The Lazos contend that the sanctions levied by the bankruptcy court are inappropriate. We review the imposition of sanctions under Bankruptcy Rule 9011 for abuse of discretion. In re Chisum, 847 F.2d 597, 599 (9th Cir.), cert. denied, 488 U.S. 892 (1988) (looking to case law interpreting Federal Rule of Civil Procedure 11 for guidance in reviewing sanctions under Bankruptcy Rule 9011); Cooter & Gell v. Hartmarx Corp., 110 S. Ct. 2447, 2460-61 (1990) (applying abuse of discretion standard in reviewing all aspects of an imposition of sanctions under Rule 11). The record demonstrates that the sanctions were justified based on the filing of frivolous claims. The record shows that the Lazos made no reasonable attempt to investigate their claims or the law. In re Grantham Bros., 922 F.2d 1438, 1442 (9th Cir. 1991) (claim is frivolous under Rule 11 if it is baseless and made without a reasonable and competent inquiry), cert. denied sub nom., Needler v. Valley Nat'l Bank of Arizona, No. 90-7740, 1991 WL 61937 (Oct. 7, 1991).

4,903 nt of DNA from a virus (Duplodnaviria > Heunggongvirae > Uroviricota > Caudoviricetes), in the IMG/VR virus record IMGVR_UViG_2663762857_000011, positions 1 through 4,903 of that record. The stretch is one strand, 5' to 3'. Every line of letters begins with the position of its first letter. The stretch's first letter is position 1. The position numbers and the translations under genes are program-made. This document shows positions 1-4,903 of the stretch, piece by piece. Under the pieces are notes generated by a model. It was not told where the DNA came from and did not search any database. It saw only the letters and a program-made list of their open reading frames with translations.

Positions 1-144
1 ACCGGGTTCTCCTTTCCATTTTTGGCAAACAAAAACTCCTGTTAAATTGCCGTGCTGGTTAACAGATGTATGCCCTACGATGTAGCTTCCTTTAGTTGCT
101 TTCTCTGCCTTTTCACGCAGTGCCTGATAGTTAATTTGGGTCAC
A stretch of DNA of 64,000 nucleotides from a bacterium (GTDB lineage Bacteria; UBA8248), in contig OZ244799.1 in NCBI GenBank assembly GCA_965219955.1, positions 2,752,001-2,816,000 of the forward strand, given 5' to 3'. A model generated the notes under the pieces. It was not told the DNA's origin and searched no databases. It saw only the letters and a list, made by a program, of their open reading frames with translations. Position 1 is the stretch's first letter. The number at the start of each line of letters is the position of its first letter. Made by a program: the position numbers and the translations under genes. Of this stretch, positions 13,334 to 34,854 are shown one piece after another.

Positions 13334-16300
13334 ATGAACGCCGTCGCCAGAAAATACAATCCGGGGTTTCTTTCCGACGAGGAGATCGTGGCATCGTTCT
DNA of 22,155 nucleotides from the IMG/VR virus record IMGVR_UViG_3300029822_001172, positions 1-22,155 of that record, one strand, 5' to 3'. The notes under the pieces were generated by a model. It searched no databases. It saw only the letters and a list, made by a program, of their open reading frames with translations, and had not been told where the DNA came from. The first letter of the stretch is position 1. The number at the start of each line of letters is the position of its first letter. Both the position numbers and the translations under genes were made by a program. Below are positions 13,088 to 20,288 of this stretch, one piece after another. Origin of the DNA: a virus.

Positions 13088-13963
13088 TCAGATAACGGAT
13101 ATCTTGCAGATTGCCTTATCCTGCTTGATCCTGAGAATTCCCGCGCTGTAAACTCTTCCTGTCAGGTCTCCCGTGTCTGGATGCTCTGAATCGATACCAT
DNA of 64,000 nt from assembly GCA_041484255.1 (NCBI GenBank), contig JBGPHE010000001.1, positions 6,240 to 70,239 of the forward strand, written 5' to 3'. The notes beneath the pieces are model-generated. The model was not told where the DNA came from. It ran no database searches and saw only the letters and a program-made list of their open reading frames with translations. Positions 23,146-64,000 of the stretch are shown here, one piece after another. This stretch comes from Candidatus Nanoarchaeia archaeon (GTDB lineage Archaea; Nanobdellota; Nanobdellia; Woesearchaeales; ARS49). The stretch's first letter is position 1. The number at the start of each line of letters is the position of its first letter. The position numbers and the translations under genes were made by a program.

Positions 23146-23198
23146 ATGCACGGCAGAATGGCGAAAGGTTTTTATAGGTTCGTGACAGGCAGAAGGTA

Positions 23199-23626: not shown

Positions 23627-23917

The appellees argue that the Lazos acted in bad faith in filing this appeal and should be punished by additional sanctions pursuant to Federal Rule of Appellate Procedure 38. We decline the request of the appellees to impose additional sanctions. We agree with the district court that the sanctions imposed by the bankruptcy court are sufficient to punish the Lazos for prosecuting their claims against the appellees. The district court's order affirming the judgment of the bankruptcy court is AFFIRMED. The appellees' request for sanctions pursuant to Federal Rule of Appellate Procedure 38 is DENIED.
The panel unanimously finds this case suitable for submission on the record and briefs and without oral argument pursuant to Fed. R. App. P. 34(a), Ninth Circuit Rule 34-4
This disposition is not appropriate for publication and may not be cited to or by the courts of this circuit except as provided by Ninth Circuit Rule 36-3